Holidays in Malta for the Children of British Service Personnel
- Are you an ex-member of the British Armed Forces once stationed in Malta? Or are you the child of a British serviceman or woman, who spent time in Malta? Then why not revive old memories and visit Malta for a holiday?
Malta is easy. It is probably the easiest place in the world, outside of the British Isles, for a British person to take a holiday. Much of it is strikingly familiar. They drive on the left, they use British style three-pin plugs for their electrical appliances - which means you don’t have to take European adaptors with you - while the sight of the ubiquitous red telephone boxes and red letter boxes on the street speaks clearly of their almost two centuries of close association with British life and British culture. They also have a taste for fried breakfasts, Sunday Roasts and tea with milk, and one of their favourite snacks is a mushy pea pasty! Except for the weather, and the elaborate baroque architecture which hits you in the eye at every corner, it is almost like being at home.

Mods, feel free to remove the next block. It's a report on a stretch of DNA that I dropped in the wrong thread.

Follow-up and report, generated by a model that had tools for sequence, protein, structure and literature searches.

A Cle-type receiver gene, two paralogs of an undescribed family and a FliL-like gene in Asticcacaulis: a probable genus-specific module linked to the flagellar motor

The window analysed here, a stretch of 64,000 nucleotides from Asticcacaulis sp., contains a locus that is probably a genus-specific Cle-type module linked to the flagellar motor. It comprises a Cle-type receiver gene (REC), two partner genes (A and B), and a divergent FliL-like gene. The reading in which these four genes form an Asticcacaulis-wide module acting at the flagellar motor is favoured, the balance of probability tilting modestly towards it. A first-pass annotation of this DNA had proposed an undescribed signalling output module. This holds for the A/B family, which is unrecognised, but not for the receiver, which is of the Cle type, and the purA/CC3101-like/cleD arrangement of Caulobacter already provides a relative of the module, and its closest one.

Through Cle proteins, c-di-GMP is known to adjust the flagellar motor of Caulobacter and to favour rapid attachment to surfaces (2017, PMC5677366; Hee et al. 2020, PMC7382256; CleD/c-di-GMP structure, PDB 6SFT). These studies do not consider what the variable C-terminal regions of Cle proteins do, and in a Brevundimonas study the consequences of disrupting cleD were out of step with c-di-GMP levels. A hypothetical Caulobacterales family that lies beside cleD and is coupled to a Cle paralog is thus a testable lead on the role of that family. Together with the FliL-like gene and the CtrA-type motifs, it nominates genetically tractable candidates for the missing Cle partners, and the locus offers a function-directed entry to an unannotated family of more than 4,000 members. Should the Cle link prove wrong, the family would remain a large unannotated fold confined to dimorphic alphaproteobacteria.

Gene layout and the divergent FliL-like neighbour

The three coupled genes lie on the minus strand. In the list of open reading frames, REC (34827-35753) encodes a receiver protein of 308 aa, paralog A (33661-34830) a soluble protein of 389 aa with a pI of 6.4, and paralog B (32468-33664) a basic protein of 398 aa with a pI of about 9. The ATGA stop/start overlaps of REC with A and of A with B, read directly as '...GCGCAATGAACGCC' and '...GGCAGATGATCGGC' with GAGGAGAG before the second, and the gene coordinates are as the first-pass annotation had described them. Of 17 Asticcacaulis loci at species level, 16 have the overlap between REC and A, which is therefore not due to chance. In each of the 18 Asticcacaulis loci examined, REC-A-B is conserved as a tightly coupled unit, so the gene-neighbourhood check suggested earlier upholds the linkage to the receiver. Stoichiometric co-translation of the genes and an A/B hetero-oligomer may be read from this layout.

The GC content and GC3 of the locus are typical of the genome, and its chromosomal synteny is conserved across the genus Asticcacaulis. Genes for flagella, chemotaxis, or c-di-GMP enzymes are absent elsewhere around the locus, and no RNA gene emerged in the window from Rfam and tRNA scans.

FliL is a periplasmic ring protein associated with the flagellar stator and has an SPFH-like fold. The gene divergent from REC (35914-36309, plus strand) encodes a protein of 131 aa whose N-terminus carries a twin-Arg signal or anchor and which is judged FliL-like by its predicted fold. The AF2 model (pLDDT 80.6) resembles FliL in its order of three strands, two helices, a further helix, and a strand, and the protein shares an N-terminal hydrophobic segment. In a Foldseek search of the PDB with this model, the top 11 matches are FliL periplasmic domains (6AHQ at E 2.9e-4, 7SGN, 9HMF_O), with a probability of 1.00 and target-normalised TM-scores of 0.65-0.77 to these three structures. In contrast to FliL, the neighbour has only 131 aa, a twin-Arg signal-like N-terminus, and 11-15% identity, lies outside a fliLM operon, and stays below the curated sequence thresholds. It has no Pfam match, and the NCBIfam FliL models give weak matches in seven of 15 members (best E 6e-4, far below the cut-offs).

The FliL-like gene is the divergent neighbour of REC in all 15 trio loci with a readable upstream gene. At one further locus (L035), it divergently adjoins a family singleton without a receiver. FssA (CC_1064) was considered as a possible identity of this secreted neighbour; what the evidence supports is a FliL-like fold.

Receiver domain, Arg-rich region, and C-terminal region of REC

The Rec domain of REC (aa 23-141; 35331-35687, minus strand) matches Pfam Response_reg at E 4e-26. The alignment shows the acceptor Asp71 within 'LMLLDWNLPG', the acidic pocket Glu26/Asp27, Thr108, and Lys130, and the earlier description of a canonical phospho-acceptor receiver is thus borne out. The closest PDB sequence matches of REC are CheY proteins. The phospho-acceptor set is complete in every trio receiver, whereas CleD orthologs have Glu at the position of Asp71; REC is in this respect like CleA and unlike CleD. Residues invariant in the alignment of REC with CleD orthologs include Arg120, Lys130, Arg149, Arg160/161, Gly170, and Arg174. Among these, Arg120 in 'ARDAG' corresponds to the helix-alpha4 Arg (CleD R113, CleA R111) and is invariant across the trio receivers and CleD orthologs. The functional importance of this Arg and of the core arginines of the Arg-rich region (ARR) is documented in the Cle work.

They also speak a very natural form of English, English being the official second language. It’s not the kind of English most foreigners speak, even the most fluent ones. It has none of the formality. It’s not like American English either, or Mid-Atlantic English. It’s not even like the Queen’s English. It is colloquial English, working class English, learned from their close association with British service personnel during their long years as a Mediterranean outpost of the British Empire. So you get called “mate” a lot, while a common greeting is “all right”, said in that vaguely non-committal way that every British person would recognise: not as a question requiring an answer, but as a welcoming noise, the equivalent of “hi” or “hello”.
The Maltese language is unique: based on Arabic, but with elements of Italian and English running through it, it is the only Semitic language in the world to use a Latin script. The Maltese people, too, like their language, are an interesting hybrid, with a Sicilian passion, an Italian style, a British sense of humour, and an Arab exoticism, they are a cultured, reserved and yet friendly people, worth getting to know.